Shapes of Rage


Cristina Álvarez López and Adrian Martin


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Accompanying text

Cinephilia—in the form in which it can be shared by spectators and filmmakers alike—has two extreme poles, and both of them are associated with fierce, intense drives. There is the cinephilia aligned with love in all its manifestations: romanticism, desire, tenderness, hope. And then there is the cinephilia aligned with aggression, violence, a death-drive. Neither, in an important sense, should be regarded entirely literally: many things on the face of this earth slip under and between love and aggressivity, and these metamorphosing states can stand for, or become attached to, every kind of social, political situation. Samuel Fuller knew the score, in his famous pronouncement for Pierrot le fou (1965): “Film is like a battleground. Love. Hate. Action. Violence. Death. In one word…emotion.” And emotion can be never constrained or explained according to a single track or direction, whether humanist or ideological.
Alfred Hitchcock—no stranger, as an artist, to the extreme (and extremely complicated) emotions of love and hate—made one of the central and most influential films of modern (post-1960) cinema: The Birds (1963). The entire slasher genre—with its waves of attack and killing, separated by tense periods of waiting—would not exist without it; neither would any of those movies based on a central, recurring enigma that gives rise, within the fiction, to an open, unresolved string of interpretive speculations (this structure became Larry Cohen’s speciality, for instance); and neither, in a sense, would avant-garde classics like those of Peter Tscherkassky (Outer SpaceInstructions for a Light and Sound Machine), which empty out the plot specifics while purifying the aggression, placing it into direct contact with the cinematic apparatus and the spectator.
Yet The Birds was already pure, in its sublime and frightening way: a total fusion of form and content, disquieting and insistent. Through it, we (student or filmmaker) can learn how to build tension, how to make violence explode, how to turn the movie screen itself into a brittle barrier like a pane of glass, just an inch away from the movie viewer’s battered psyche. And it’s utterly impure at the level of its meaning, its ‘moral,’ and the uneasy equilibrium with which it leaves us at the end: the film unleashes so much, in so many contradictory directions, that it refuses any ultimate closure.
When David Cronenberg made his neglected masterpiece The Brood in 1979, he clearly had the lessons of The Birds embedded deep in his conscious or unconscious brain. How does a filmmaker manifest, on screen, anger, rage, murderous violence? How do they find a form, a plastic shape, to express it, mould it, move it around a story? Time and again, The Brood recalls Hitchcock’s masterly tropes—a lone character’s journey to a room where a creature will strike from above; one, two, ten children popping successively into the frame, like the crows on that playground fixture; the shrieks and cries of children, like the squawks of birds, mixed into a wall of noise—and ignites the same concentrated paroxysms of cinematic catastrophe.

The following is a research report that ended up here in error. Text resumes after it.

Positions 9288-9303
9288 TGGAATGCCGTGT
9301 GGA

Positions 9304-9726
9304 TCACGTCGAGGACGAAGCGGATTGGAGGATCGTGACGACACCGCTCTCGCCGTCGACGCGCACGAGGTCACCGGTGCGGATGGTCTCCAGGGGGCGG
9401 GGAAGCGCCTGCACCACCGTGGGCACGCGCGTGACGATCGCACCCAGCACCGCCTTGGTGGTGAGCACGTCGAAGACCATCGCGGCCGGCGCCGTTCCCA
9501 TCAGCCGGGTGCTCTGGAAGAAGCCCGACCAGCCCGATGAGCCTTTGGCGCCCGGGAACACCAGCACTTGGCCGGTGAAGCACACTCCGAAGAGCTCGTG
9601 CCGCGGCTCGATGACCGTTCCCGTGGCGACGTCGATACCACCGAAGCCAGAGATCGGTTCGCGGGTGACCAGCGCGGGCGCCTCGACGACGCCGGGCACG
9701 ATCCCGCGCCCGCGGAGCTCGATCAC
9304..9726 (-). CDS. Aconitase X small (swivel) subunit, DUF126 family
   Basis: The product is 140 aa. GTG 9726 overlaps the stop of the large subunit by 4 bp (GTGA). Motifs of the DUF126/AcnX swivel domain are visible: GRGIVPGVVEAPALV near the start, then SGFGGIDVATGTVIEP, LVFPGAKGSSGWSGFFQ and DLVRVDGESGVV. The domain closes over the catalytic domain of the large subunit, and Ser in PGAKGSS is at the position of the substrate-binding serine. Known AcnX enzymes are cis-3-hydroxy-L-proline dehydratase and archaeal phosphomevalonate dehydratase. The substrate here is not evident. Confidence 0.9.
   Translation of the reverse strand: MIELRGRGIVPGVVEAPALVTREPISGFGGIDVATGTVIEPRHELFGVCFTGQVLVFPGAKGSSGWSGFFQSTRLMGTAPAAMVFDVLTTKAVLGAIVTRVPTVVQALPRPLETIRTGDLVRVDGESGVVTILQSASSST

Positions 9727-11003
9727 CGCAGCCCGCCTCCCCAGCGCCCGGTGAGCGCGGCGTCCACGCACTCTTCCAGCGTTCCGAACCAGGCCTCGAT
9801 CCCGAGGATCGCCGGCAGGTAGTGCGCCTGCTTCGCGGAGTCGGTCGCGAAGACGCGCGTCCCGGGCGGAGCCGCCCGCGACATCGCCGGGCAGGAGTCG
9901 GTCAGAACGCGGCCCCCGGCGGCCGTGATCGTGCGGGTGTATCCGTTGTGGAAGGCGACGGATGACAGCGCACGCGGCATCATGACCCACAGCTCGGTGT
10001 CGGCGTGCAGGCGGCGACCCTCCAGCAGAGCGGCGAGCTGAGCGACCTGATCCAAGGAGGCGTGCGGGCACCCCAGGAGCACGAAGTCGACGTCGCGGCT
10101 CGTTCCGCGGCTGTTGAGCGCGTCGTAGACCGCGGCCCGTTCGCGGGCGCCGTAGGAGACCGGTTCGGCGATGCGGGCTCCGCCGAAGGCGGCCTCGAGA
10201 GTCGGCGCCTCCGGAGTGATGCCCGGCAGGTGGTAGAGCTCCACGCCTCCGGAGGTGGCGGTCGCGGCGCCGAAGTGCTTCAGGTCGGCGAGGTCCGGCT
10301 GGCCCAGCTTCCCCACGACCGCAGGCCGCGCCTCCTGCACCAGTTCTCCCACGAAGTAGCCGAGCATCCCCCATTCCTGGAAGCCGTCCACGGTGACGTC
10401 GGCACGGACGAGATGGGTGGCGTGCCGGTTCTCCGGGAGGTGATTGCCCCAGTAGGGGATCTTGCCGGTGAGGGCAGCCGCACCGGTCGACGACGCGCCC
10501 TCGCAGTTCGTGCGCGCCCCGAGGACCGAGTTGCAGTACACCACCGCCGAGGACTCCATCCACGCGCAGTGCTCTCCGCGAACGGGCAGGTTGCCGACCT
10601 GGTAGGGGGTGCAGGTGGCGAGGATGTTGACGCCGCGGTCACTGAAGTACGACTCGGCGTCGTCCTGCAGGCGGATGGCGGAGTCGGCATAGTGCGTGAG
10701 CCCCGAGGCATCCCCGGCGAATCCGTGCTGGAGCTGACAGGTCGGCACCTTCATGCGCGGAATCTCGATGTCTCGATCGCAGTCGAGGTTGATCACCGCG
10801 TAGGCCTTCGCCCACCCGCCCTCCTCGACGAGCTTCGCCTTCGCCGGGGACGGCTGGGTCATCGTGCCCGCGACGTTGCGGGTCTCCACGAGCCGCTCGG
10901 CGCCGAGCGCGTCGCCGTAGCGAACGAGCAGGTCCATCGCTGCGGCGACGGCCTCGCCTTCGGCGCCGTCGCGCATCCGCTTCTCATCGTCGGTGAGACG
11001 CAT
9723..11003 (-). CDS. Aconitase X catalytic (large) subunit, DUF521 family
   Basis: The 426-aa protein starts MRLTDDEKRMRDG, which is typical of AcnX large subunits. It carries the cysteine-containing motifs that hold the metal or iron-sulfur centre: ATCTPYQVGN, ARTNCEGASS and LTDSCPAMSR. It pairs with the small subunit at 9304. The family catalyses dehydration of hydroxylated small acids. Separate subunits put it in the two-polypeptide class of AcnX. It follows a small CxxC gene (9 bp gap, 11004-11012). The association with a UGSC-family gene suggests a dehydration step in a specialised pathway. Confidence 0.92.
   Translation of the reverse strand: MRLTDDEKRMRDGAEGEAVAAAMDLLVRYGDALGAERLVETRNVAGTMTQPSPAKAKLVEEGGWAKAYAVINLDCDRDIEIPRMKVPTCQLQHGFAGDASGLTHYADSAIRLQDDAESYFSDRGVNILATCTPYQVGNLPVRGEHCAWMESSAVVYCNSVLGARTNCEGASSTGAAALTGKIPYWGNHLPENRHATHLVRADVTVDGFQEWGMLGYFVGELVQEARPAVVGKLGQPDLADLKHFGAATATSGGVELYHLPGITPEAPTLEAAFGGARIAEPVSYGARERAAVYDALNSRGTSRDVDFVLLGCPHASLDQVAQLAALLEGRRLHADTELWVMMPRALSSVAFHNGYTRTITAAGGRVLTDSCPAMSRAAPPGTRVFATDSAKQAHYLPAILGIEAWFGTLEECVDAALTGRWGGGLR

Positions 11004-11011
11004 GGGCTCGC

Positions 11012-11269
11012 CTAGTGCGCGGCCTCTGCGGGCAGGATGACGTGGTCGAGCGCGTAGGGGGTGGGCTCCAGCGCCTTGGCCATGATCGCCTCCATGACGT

But more than this: where is all this aggressivity coming from—and what is it directed at? In his groundbreaking analysis of a scene from The Birds (Melanie’s lake crossing, lovebirds in tow—a scene that also gets special attention from Camille Paglia in her BFI Classics book) back in 1969, Raymond Bellour spoke of a “mutual desire [between the characters] whose transgressive violence is directed at Melanie, who makes the gift and receiver its threatening sign, in the opposed forms of good and bad birds.” The opposed forms of good and bad birds, cute lovebirds and swooping, screeching killers: a wildly uncontrollable and disturbing semantic contagion, like the innocent blonde daughter in The Brood lined up alongside her deformed mirror-images, the deadly child-spawn. But these carriers of evil and death are always themselves (as Bellour never ceases saying) a displacement, a manifestation of someone else’s rage, someone else’s desire, someone else’s fantasy. But whose, exactly? An individual character, a whole society, the nuclear family, a film director?
It all has something, obscurely, to do with mother. Or is it so obscure? ‘A mother’s love’ is the most ambiguous thing in the world for both Hitchcock and Cronenberg. Nola (Samantha Eggar) in The Brood has such a deep and complicated anger—passed down and recreated through the generations, as often in Cronenberg—that her body extrudes mutants who then act out her unconscious wishes. She loves them and licks them, fresh out of their non-fetal sacks, as only a mother can; and she remains oblivious to what her unconscious causes. In the end, she too, like so many, will become a victim of the contagion of enraged violence. But Lydia (Jessica Tandy) in The Birds is, in a way, in a state of far deeper denial: she roils inside possessive jealousy for her son, Mitch (Rod Taylor), and triggers energies and emotions that will never be clearly ascribed to her, that she will never have to own, or own up to. Her cold gaze sets off a ricochet that entangles and connects everybody and everything: child, adult, man, woman, screen, spectator.
Film is like a battleground, with its daylight armies of ambiguously good/bad creatures, its fields of corpses, its unprosecutable crimes of passion—and its energetic, shifting, material shapes of love and rage.